This (10ml, 36mg nicotine strength) poses no risk of nicotine poisoning if used as intended. An overenthusiastic vaper, like someone who is over-smoking, receives a reliable warning via nausea. If the 10ml bottle of e-liquid was drunk, it would cause nausea and vomiting but would be unlikely to inflict serious harm.
Regulatory interventions should ensure optimal product safety but make sure EC are not regulated more strictly than cigarettes and can continue to evolve and improve their competitiveness against cigarettes.
If EC continue to improve in the speed of nicotine delivery, they are likely to appeal to more smokers, making the switch from smoking to vaping easier. It may be important in this context to note that if the smoking-associated risk is removed, nicotine use by itself, outside pregnancy, carries little health risk and in fact
conveys some benefits.
The report outlines the current UK policy framework on e-cigarettes, and correctly acknowledges that the Tobacco Products Directive will have a negative impact on the product choices that will be available to current smokers, and that aspects of the directive will negatively impact on smaller companies and product innovation:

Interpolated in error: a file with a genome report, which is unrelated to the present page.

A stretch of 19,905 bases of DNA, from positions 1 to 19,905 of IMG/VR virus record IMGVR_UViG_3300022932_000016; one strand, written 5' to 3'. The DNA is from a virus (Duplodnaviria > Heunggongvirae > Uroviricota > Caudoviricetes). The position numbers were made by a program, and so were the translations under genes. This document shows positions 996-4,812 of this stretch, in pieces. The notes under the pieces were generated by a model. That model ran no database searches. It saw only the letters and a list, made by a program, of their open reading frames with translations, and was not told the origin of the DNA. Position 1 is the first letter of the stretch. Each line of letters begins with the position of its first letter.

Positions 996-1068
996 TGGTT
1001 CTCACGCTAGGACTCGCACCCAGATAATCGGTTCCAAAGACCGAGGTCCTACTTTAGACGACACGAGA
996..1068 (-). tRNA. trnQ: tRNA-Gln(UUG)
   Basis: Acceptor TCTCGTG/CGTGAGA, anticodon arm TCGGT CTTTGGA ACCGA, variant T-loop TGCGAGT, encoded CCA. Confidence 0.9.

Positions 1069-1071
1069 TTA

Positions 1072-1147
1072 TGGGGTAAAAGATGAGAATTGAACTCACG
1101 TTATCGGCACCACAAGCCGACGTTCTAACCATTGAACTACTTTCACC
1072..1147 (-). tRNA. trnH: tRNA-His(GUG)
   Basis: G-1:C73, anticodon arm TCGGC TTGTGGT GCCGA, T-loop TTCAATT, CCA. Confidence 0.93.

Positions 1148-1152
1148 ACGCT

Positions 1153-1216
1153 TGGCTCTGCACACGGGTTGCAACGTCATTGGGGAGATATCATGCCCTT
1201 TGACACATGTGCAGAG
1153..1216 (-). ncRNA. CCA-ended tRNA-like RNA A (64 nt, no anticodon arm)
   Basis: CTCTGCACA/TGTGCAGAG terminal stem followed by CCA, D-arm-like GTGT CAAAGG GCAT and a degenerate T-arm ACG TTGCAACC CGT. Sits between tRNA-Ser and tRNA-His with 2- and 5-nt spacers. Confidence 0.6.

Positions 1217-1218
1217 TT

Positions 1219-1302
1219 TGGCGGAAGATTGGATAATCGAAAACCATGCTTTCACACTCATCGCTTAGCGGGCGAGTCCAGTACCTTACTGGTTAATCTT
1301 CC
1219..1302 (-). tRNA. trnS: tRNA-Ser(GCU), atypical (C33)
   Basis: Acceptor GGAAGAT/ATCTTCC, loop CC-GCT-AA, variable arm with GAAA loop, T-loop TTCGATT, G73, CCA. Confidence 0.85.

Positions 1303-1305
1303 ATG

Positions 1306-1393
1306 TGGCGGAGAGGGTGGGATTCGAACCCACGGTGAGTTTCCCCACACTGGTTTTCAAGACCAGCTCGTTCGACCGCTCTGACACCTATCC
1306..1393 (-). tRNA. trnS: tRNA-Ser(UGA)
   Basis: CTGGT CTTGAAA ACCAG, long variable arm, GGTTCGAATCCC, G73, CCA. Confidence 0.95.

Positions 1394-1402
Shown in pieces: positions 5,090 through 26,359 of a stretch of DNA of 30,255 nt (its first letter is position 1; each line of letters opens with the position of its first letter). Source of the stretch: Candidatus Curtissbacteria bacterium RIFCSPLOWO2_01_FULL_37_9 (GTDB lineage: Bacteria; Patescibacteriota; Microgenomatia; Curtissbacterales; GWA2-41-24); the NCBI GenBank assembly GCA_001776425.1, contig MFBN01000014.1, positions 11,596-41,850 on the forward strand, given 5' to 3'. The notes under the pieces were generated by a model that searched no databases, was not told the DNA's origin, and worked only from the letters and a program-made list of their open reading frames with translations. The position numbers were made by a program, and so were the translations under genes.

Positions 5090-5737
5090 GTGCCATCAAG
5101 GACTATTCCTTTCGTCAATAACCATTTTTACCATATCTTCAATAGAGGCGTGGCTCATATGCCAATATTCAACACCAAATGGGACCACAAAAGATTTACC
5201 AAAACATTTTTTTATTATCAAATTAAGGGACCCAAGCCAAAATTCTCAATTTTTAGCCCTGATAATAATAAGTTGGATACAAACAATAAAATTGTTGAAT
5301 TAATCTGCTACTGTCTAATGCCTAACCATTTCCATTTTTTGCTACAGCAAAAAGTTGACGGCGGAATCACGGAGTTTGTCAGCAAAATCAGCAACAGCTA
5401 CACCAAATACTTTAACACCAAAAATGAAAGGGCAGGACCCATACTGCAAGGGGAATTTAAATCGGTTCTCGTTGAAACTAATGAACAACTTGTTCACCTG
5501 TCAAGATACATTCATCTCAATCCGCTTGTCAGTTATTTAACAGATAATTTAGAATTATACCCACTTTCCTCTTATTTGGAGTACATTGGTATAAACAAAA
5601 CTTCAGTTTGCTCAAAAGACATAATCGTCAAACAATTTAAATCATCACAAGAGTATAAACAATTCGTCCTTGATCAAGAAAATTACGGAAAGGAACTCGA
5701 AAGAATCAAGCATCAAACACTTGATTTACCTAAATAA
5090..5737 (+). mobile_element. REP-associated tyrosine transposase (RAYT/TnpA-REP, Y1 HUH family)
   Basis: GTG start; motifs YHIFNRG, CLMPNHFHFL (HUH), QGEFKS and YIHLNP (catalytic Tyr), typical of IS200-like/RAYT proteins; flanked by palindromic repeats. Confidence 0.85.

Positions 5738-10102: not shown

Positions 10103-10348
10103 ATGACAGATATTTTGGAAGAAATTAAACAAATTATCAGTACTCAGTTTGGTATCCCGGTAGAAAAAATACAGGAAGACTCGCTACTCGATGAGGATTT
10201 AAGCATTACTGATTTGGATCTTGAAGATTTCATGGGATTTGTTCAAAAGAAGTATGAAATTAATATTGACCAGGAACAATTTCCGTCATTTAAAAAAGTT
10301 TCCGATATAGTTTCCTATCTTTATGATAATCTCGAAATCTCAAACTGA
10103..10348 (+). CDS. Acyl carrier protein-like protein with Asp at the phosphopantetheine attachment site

The revised TPD will introduce new regulations for EC or refill containers which are not licensed by the MHRA. The cap on nicotine concentrations introduced by the TPD will take high nicotine EC and refill liquids off the market, potentially affecting heavier smokers seeking higher nicotine delivery products.
The fact that no licensed EC are yet on the market suggests that the licensing route to market is not commercially attractive. The absence of non-tobacco industry products going through the MHRA licensing process suggests that the process is inadvertently favouring larger manufacturers including the tobacco industry, which is likely to inhibit innovation in the prescription market.
The above point is also expanded on elsewhere:
This means that small manufacturers, particularly non-tobacco industry manufacturers, who may be producing a greater variety or more satisfying EC, will not compete with larger corporations such as the tobacco industry in the prescriptions market.
There are several consequences of this which should be explored. These could include an inhibition of innovation and damage public health.
Alternatively, given the demand for prescribed EC products is as yet unknown, particularly in the population groups where smoking prevalence is elevated, the medicinal route may not impact public health.
The appeal of EC may rest in the fact that they are not medicines. A review of the MHRA licensing process for EC, and its likely impact, is recommended.
While Ireland’s plan to have reach ”endgame on tobacco” by reaching a smoking level of less than 5% by 2025, no where currently in that plan is there any mention of what role vaping products may have in helping to achieve it.